When Minnesota became a state in 1858, the leftover area between the Missouri River and Minnesota's western boundary fell unorganized. When the Yankton Treaty was signed later that year, ceding much of what had been Dakota land to the U.S. Government, early settlers formed an unofficial provisional government and unsuccessfully lobbied for United States territory status. However, it wasn't until three years later when soon-to-be-President Abraham Lincoln's cousin-in-law, J.B.S. Todd, personally lobbied for territory status that Washington formally created Dakota Territory. The name refers to the Dakota branch of the Sioux tribes which occupied the area at the time. It became an organized territory on March 2, 1861 including much of present-day Montana and Wyoming. By 1868, creation of new territories reduced Dakota Territory to the present boundaries of the Dakotas.
After becoming an organized territory, the population increased very slowly during the early years and then very rapidly with the "Dakota Boom" from 1870 to 1880. Veterans of both the Union and Confederate armies moved to Dakota Territory. The 1893 Veterans Census shows 5875 Union Soldiers and 69 Confederate Soldiers.
The Agency of Indian affairs was dominated by the political spoils system and by corruption of the Indian agents. As a master of the art of pragmatic politics, Lincoln used the system as he needed to hold the Union together-resulting in tragedy for our country's Indian wards. A study of the Dakotas under the Lincoln Administration will show the results of a Federal totalitarian Government gone amuck.
Lincoln not only had to deal with the Civil War, but he also had to deal with the Dakota Indians. Terms of the treaty had not been kept by the Lincoln Administration and greviances dated back to the earliest times. The Indian greviances were:
Most of the military in Minnesota left to assist in the War efforts leaving Minnesota settlers without protection. On August 18, 1862 fighting broke out at the Redwood Agency in lower Minnesota. Casualties are unknown, but white women and children were attacked and buildings burned. A trader at the Agency, Andrew Myrick, who was hated the most by the Dakota for refusing to give them credit for supplies and for remarking "let them [Indians] eat grass, was found with grass in his mouth.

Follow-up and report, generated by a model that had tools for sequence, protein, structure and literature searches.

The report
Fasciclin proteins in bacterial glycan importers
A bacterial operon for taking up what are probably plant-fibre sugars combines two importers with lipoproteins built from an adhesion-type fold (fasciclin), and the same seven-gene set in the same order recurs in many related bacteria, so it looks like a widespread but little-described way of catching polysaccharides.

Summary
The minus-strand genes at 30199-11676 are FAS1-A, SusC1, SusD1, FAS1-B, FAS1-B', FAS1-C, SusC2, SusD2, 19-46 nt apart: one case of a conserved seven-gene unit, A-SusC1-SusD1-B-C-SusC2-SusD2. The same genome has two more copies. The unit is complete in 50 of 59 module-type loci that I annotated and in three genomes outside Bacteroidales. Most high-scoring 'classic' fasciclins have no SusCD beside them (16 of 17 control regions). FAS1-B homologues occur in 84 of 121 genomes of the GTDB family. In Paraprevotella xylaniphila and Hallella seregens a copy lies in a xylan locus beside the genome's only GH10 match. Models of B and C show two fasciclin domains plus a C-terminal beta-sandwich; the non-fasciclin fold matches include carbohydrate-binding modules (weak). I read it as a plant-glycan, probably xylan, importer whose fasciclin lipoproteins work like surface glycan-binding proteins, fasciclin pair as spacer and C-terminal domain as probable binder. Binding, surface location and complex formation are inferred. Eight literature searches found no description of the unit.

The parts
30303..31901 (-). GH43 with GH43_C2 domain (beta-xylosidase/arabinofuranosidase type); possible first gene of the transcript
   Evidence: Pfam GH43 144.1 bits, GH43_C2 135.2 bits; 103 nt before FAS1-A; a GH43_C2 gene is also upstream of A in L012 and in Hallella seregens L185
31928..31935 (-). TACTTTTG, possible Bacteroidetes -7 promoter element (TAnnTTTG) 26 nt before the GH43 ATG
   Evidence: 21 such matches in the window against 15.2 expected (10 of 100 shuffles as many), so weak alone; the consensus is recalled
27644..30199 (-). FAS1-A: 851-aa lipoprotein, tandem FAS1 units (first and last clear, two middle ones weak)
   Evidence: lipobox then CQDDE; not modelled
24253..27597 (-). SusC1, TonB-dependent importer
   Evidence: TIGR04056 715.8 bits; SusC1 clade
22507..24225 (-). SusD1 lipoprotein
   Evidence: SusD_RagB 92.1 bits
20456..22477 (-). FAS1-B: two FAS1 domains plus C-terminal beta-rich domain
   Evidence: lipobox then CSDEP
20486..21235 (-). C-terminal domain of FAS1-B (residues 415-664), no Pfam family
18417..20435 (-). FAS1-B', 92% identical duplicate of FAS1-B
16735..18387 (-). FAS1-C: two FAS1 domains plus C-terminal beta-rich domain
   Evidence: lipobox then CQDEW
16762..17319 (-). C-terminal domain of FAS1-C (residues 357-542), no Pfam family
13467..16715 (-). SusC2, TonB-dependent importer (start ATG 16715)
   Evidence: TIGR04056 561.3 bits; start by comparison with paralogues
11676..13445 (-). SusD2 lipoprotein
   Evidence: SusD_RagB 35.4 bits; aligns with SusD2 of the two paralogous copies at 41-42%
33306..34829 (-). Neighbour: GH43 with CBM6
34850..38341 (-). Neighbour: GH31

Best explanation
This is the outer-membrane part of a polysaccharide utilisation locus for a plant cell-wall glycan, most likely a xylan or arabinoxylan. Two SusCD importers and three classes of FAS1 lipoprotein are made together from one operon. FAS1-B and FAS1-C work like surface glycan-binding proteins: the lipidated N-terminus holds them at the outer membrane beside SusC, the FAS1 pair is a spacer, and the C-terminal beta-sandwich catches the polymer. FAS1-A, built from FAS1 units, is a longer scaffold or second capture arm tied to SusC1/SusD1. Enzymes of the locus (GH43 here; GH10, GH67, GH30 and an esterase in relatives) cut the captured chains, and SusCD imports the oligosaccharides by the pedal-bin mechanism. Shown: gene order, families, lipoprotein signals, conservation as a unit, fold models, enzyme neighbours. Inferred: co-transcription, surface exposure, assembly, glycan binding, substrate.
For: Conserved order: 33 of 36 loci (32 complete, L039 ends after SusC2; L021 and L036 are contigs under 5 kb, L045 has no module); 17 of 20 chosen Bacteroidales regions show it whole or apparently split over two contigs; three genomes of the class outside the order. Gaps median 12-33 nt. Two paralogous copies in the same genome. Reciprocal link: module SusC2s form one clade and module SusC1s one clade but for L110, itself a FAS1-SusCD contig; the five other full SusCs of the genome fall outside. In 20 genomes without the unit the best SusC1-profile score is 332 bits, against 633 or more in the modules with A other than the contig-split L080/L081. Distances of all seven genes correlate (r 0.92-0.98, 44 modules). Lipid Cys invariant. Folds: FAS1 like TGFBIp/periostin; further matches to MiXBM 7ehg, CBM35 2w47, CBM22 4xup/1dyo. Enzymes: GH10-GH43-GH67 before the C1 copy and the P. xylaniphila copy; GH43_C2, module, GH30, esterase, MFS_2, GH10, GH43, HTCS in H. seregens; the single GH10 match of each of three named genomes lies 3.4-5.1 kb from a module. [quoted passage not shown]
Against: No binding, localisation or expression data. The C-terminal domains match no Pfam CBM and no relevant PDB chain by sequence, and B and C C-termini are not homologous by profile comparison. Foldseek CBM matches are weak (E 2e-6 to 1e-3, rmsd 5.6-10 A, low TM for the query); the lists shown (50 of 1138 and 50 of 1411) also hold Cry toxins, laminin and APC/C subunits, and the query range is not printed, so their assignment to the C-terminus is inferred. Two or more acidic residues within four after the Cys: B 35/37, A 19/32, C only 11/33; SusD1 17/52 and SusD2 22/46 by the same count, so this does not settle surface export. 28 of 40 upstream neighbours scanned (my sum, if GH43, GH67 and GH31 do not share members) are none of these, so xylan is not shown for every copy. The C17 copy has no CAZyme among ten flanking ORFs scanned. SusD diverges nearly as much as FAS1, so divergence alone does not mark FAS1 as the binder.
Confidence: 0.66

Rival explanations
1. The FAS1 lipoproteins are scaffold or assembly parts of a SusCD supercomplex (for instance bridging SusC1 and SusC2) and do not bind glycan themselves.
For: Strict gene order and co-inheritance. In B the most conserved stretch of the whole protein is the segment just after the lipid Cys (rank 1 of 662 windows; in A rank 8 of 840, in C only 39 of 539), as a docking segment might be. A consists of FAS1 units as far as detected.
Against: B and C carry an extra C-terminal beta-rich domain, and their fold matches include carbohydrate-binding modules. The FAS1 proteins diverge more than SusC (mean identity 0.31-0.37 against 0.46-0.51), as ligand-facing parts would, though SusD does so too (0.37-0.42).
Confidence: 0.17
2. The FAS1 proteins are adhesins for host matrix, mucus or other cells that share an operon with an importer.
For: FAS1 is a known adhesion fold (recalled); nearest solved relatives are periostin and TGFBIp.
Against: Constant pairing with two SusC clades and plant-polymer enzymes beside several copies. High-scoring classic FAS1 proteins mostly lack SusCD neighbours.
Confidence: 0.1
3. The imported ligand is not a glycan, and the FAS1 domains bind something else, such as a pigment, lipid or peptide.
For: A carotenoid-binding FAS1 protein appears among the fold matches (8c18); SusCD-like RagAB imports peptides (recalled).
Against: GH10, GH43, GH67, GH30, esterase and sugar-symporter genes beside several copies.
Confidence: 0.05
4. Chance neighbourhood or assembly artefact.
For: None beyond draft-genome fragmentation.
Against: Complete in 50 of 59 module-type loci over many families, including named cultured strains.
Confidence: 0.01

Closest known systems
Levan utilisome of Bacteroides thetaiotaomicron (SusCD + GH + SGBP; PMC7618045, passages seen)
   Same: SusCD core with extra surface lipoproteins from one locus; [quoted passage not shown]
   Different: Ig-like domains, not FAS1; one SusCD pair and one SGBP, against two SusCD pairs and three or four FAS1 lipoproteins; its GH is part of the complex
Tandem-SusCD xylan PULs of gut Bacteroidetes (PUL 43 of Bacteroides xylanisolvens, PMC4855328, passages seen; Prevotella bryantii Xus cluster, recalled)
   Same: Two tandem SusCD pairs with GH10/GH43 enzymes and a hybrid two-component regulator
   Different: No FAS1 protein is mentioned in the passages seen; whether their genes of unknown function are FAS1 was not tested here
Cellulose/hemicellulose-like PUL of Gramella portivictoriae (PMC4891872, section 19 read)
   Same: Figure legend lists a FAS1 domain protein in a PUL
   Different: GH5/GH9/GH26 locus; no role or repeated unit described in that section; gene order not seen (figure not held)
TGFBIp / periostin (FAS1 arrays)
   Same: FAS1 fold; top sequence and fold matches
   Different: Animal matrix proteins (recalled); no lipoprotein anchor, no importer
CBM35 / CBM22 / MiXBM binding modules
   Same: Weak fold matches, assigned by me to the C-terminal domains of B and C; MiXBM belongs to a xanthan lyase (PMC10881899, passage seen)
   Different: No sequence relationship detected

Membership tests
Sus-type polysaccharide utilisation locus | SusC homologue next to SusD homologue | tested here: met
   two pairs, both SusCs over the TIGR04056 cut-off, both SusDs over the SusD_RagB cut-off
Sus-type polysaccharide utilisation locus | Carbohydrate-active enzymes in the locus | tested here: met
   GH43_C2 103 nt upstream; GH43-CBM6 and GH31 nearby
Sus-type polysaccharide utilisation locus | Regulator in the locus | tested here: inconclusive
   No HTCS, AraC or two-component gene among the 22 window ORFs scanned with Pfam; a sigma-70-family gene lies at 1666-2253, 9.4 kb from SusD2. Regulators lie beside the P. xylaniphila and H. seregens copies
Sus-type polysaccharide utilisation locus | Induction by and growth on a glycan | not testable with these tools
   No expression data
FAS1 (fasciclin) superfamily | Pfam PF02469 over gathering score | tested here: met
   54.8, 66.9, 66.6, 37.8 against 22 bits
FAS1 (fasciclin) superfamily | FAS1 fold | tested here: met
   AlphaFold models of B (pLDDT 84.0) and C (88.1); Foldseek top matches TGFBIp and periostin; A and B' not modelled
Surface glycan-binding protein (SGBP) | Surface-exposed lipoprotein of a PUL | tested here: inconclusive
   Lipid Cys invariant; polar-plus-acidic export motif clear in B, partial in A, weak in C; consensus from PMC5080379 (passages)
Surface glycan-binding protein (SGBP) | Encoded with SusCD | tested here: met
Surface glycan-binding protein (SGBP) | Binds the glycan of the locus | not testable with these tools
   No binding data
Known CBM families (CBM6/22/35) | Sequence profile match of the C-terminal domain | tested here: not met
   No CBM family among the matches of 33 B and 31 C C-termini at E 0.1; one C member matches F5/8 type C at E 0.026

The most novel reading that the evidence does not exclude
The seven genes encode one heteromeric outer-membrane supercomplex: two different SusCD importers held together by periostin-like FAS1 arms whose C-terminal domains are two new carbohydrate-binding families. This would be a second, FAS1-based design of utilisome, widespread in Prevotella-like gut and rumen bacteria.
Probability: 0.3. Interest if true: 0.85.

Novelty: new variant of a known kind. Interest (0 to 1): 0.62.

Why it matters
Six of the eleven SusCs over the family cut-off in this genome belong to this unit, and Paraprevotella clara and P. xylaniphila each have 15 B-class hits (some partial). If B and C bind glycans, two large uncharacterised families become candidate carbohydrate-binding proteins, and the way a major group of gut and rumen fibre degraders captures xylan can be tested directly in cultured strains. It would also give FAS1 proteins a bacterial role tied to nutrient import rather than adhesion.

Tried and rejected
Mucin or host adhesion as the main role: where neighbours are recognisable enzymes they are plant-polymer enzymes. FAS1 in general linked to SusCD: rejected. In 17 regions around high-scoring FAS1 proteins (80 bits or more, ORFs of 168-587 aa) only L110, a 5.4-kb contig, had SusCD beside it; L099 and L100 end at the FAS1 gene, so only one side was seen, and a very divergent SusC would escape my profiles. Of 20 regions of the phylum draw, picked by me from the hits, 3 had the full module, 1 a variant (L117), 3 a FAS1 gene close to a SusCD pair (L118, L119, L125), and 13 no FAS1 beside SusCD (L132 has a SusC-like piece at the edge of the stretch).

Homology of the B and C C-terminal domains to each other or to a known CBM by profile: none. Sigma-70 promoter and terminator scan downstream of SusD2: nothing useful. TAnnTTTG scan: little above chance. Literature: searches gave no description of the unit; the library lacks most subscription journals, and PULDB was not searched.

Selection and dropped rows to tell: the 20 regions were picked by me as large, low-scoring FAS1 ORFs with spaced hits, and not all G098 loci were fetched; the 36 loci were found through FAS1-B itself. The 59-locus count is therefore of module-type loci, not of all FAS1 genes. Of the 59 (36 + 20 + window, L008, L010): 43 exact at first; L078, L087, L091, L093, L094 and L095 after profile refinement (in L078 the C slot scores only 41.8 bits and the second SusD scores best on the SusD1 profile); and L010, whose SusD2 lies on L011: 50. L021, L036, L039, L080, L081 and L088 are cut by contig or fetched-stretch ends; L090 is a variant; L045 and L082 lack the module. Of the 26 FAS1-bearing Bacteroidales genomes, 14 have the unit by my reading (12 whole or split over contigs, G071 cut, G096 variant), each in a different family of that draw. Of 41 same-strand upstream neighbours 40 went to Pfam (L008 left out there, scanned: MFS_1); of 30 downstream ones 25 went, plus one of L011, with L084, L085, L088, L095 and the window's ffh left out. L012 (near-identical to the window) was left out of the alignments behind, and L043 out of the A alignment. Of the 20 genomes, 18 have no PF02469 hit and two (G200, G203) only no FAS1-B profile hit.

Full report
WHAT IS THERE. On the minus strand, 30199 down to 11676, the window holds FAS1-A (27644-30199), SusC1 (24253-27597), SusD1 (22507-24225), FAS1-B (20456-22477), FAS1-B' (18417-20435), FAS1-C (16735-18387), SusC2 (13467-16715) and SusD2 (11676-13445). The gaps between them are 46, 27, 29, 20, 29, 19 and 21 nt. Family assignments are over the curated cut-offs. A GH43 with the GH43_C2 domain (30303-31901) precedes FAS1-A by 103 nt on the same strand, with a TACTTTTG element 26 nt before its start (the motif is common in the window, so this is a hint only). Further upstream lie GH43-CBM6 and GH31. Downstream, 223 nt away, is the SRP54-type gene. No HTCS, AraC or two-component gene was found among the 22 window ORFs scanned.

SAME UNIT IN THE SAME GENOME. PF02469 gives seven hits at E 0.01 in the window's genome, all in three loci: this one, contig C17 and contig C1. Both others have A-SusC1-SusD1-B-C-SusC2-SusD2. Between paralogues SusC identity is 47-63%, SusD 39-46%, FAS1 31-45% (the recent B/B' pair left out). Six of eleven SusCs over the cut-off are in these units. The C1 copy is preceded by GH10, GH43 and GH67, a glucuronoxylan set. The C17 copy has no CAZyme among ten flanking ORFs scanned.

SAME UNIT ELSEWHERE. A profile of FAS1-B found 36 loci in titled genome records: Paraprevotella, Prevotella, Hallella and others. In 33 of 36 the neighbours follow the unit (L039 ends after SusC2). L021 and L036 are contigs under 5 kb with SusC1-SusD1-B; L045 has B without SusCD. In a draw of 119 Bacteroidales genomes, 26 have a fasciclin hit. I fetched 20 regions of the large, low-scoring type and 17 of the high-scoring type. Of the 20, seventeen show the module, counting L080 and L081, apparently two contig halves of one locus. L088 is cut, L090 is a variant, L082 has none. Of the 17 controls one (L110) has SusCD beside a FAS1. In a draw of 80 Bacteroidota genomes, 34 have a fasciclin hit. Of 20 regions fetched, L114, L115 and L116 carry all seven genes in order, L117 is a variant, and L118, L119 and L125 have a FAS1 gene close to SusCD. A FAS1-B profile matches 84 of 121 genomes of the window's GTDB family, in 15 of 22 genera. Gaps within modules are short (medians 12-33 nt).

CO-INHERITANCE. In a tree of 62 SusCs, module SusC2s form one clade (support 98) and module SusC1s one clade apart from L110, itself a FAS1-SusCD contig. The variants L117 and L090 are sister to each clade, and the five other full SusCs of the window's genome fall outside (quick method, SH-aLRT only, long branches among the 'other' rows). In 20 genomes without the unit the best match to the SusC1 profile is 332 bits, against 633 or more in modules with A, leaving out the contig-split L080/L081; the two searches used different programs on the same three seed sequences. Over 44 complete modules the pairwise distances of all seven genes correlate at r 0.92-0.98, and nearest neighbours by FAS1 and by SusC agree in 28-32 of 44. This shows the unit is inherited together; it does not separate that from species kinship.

Requests for more horses, ammuniton, and men were sent to Edwin Stanton, Secretary of War, by Governor Alexander Ramsey, but the requests were refused. On September 8, Ramsey wrote to President Abraham Lincoln and told him, "It is not our war; it is a national war . . . . Answer me at once. More than 500 whites have been murdered by the Indians. Lincoln responded to Ramsey's request immediately and by September 23 the Dakota uprising had ended.
By November 5, after being tried by a military court, a total of 303 Dakota Indians were sentenced to death. General Henry Hastings Sibley had the names and the involvements of those found guilty forwarded to President Lincoln. Lincoln reviewed the list and cut it down to 39 prisoners to be executed. This outraged many of the settlers in Minnesota and on December 5 a mob from Mankato made their way towards Camp Lincoln where the prisoners were being kept. Fortunately, the mob was stopped by troops. The following day the Indians were moved to a log structure at Mankato for safekeeping.
On December 26, the 38 (one prisoner died prior to the hanging) prisoners were executed in the largest mass execution in United States history.
A battalion of Cavalry was raised in the Dakota Territory in support of the Union. The roster of the 1st Battalion, Dakota Cavalry contains the names of 231 men.